Typically, starting a new magazine is fraught with problems getting shelf space and distribution. But Rogers, which runs publications ranging from Maclean's to Chatelaine to Lou Lou, is well positioned to distribute and rack a new publication via its established networks. The unnamed magazine will feature the Sportsnet handle in its title. We're told that no editor has been hired yet. But Sportsnet does have a range of available staff writers to fill the space around the staples.

They like us

Game 1 caught some tweet love from a few big U.S. media types. Syndicated radio host Jim Rome whipped up his clones via Twitter: "I'll say it again. Nothing like the NHL postseason. You're slacking if you're not watching Game 1. Throw it on now: 0-0, 3rd period." Then, "Bam! Vancouver 1 Boston 0. Kesler starts it, Torres finishes it. Thanks for coming."

And ESPN resident wit Bill Simmons was working it out on his @Sportsguy33 Twitter account as his beloved Bruin Patrice Bergeron got chomped by Alexandre (call me Alex) Burrows. "The biting incident was the catalyst I needed to get my son into hockey. He loves biting people. This is great." He was less impressed by Cam Cole's admonishment of Bergeron in the Vancouver Province. " 'Come on, Patrice Bergeron. Get your tetanus shot and move on.' Gotta love Vancouver homer journalism."

Followed by "The Bruins have battled Guy Boucher + Alain Vigneault in consecutive rounds. I feel like the NHL is making these names up."

Manitoba mystery

So the new Winnipeg squad says it will name its team after it satisfies its 13,000 season-tickets drive. Is there something it doesn't want the newbies to know? Or put this way, how many Manitobans might stay their paying hand if the team is called Polar Bears?

Tough talk

Guess not everyone is thrilled by Winnipeg returning to the Ligue Nationale de Hockey. Buffalo radio host Mike Schopp, for instance, tweeted: "I don't give a crap about Winnipeg. I doubt ESPN is shipping reporters there. Atlanta didn't support them? Fine. Then contract them."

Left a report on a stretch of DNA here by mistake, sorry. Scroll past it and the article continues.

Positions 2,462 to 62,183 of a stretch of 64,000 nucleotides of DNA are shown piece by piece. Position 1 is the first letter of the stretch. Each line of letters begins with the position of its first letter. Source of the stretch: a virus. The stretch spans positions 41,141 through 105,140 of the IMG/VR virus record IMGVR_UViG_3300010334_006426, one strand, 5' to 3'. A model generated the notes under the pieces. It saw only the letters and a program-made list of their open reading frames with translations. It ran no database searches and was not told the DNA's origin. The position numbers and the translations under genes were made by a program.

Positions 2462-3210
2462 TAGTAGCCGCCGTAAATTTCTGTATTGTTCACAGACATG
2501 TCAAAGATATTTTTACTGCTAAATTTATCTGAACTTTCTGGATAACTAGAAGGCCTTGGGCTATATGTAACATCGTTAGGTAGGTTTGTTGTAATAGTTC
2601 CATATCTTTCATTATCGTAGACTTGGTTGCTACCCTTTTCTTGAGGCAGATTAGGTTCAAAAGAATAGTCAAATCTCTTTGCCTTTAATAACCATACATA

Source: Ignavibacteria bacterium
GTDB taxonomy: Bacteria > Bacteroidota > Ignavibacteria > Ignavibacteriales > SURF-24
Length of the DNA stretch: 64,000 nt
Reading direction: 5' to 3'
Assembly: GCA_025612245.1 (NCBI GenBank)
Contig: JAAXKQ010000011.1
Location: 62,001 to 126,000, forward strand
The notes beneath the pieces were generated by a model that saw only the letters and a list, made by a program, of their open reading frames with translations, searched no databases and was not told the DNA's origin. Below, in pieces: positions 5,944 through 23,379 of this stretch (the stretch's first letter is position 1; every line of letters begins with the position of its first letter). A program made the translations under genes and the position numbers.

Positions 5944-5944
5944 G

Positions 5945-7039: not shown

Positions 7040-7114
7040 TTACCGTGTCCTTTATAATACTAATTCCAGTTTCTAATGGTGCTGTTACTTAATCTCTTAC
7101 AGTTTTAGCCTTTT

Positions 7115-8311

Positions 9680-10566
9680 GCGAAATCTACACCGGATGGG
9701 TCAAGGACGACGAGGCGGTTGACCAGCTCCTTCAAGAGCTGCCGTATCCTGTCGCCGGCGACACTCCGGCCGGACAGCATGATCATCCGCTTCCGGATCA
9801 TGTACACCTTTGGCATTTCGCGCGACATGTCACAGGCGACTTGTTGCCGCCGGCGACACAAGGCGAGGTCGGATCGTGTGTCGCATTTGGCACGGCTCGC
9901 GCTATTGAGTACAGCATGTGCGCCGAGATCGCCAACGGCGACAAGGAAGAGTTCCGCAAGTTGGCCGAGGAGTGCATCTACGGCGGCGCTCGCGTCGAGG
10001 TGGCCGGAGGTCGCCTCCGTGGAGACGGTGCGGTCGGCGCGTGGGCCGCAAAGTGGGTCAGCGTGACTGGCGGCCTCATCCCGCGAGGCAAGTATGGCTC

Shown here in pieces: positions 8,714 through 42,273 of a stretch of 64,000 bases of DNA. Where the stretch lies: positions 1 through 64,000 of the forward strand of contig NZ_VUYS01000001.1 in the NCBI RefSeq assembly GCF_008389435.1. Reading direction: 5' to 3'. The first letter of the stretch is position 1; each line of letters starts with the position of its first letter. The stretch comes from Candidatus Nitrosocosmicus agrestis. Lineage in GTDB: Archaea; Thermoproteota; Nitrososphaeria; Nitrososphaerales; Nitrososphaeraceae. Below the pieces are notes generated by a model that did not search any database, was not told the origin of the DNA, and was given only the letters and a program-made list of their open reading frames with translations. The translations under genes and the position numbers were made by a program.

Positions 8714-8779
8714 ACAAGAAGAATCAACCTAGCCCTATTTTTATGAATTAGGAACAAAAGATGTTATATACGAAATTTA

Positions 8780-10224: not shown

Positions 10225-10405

Take a Number

The derailer for controversial cyclist Lance Armstrong is stuck in denial these days. The latest example is his assault on CBS's 60 Minutes, which punctured Armstrong's credibility and tires in a scathing item about Armstrong's alleged use of performance-enhancing drugs.

CBS News chairman Jeff Fager was having none of it. " 60 Minutes stands by its story as truthful, accurate and fair. Lance Armstrong and his lawyers were given numerous opportunities to respond to every detail of our reporting for weeks prior to the broadcast and their written responses were fairly and accurately included in the story."

"Mr. Armstrong's lawyers claim our story was 'shoddy,' while we found at least three inaccuracies in their letter: They claimed that 60 Minutes reported the meeting took place at the Swiss lab; they claimed that 60 Minutes reported the meeting took place in 2001; and they claimed that 60 Minutes said it was a "secret" meeting. … All three are wrong."

Strongly worded memo to follow. And hey … Livestrong.

Follow us on Twitter: @GlobeHockey

 

In the know

Most popular videos »

Highlights

More from The Globe and Mail

Most popular